I struggle to get into the holiday spirit. Christmas music gives me a migraine, picking out presents makes me anxious and — let’s be honest — gingerbread houses are a waste of (frankly, mediocre) cookies.
Since I’ve moved to Maine, though, the ever-present evergreens and the magic of freshly fallen snow have seeped into my soul. I find myself Christmas-curious. I’m not about to start belting Mariah Carey and blanketing my house with wall-to-wall twinkle lights, but I wanted to find a way to celebrate my way: by getting in touch with the wonderful, wintery natural world and making something to symbolize the joy of the holidays — family, coming together and taking a moment to appreciate what matters — with my own two hands.
So, I decided to make a wreath.
Though wreaths have been used throughout history for various ceremonial purposes, the holiday wreath as we know it today can be traced back to the pagan holiday of Yule. The 12-day ancient Germanic and Scandanavian festival celebrated the winter solstice, the shortest day of the year. Revelers constructed wreaths to signify nature and the promise of spring, and adorned them with lit candles to symbolize the return of warmth and sunlight.
Holiday wreaths were adopted by Christians in the early 16th century, as the practice of bringing evergreen trees indoors around the Christmas season began to catch on among eastern and northern Europeans. The trees were pruned into the shape of a triangle to represent the Trinity — Catholic legend even says that Saint Boniface, a monk from England, used the three points of an evergreen tree to explain the concept of God the Father, Son and Holy Ghost back in the seventh century — and the clippings were woven into wreaths.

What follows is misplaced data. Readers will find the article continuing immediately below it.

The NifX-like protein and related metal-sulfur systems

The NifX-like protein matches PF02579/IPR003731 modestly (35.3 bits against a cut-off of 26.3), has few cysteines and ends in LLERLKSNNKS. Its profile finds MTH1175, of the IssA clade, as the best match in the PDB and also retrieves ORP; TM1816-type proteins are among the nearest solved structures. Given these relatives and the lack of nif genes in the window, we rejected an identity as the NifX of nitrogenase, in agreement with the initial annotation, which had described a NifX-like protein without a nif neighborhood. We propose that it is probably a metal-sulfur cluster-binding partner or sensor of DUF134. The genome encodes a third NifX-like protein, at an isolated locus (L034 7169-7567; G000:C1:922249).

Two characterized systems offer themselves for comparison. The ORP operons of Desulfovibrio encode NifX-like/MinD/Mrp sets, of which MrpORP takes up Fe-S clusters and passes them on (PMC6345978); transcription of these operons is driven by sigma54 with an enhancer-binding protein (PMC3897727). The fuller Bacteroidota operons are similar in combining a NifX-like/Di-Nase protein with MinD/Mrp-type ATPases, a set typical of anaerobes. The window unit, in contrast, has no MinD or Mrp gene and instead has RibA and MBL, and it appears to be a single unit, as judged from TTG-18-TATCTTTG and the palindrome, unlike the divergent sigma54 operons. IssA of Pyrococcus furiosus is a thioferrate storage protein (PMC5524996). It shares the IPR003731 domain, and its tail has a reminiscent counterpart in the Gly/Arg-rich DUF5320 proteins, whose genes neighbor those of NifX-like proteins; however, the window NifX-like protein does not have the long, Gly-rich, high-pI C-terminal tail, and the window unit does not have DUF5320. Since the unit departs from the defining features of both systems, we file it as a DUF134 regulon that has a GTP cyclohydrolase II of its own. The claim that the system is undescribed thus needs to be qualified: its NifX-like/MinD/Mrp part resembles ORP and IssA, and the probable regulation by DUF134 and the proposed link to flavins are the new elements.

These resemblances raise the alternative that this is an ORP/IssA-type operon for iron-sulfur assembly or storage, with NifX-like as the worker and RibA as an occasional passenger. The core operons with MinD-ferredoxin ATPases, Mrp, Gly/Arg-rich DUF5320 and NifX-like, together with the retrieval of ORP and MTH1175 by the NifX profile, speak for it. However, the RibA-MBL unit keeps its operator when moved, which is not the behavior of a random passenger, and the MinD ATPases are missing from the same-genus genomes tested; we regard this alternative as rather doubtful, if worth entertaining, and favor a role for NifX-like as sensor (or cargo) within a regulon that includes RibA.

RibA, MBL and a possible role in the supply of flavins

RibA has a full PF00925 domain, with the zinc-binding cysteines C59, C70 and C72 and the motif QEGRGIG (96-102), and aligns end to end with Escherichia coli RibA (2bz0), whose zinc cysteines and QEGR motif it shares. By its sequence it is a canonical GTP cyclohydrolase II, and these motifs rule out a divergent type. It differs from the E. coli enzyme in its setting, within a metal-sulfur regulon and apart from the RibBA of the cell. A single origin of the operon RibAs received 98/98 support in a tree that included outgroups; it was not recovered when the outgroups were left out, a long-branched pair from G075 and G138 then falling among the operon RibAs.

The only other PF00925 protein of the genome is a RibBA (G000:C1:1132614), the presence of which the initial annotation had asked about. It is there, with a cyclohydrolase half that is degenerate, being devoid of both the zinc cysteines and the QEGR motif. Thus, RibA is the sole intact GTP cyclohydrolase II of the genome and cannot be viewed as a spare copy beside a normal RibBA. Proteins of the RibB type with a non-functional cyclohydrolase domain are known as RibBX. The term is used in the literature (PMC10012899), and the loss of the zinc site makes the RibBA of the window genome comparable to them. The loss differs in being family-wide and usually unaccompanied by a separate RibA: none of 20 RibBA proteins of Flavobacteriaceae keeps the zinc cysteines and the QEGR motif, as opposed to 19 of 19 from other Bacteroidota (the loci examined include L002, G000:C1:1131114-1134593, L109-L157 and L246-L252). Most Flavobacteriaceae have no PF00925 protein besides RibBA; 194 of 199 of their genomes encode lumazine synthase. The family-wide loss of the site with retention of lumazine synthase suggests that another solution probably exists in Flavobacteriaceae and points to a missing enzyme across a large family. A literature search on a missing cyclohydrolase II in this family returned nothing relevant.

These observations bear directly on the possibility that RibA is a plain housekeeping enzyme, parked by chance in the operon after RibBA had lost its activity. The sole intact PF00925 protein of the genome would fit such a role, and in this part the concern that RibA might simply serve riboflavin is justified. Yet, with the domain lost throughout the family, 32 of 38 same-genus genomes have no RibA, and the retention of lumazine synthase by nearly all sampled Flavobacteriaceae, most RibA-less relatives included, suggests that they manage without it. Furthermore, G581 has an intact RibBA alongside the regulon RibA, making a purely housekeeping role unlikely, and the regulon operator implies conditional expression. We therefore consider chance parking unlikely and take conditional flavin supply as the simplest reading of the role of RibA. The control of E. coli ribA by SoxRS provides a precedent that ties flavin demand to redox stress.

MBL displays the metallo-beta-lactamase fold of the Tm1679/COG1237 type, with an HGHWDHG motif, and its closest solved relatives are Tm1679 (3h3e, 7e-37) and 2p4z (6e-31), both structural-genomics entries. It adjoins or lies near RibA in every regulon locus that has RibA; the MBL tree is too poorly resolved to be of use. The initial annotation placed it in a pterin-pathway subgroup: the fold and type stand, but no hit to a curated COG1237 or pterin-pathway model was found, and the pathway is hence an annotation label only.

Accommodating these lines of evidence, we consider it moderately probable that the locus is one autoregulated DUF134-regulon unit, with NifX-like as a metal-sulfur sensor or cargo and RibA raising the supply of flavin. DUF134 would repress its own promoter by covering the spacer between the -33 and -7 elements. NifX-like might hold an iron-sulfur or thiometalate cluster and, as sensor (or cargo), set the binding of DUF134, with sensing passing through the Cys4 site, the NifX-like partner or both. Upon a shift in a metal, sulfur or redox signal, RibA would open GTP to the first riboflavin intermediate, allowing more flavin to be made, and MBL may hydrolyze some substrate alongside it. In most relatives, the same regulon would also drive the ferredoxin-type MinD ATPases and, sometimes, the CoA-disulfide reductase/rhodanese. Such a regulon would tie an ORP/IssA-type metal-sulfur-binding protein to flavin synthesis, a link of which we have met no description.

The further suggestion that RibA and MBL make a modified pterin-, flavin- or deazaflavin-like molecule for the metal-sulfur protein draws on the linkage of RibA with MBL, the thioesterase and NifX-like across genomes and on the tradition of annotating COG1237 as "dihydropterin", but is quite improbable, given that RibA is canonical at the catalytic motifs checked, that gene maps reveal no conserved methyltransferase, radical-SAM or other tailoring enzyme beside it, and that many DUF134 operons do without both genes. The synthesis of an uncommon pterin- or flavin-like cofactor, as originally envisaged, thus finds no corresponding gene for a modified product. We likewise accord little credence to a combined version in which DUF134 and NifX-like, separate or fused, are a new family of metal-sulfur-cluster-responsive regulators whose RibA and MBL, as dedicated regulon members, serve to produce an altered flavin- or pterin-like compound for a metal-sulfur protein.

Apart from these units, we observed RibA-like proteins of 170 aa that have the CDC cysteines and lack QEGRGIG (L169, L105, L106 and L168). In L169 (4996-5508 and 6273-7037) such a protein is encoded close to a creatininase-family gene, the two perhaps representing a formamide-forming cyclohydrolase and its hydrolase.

Upcycling in one of its earliest forms — how could I resist?
These early wreaths were known as Advent wreaths and were rife with their own symbolism. Evergreens represent eternal life because the trees were able to survive harsh winters. Wreaths were adorned with red berries and thorny holly oak leaves to signify the crown of thorns worn by Jesus and the drops of blood it drew. Advent wreaths also held four candles that symbolize different components of the coming and light of Christ. Sometimes, a fifth, white candle was added to the center of the wreath — the Christ candle — and lit on Christmas Eve.
I found the symbolism of early advent wreaths is a little eerie, but today, wreaths are hung on a door or a window primarily is a decoration and symbolic invitation to the spirit of Christmas to enter the home and bring luck for the new year.
Maybe if I make a wreath, I thought, it will bring a little spirit — Christmas, Pagan or otherwise — to my holiday season.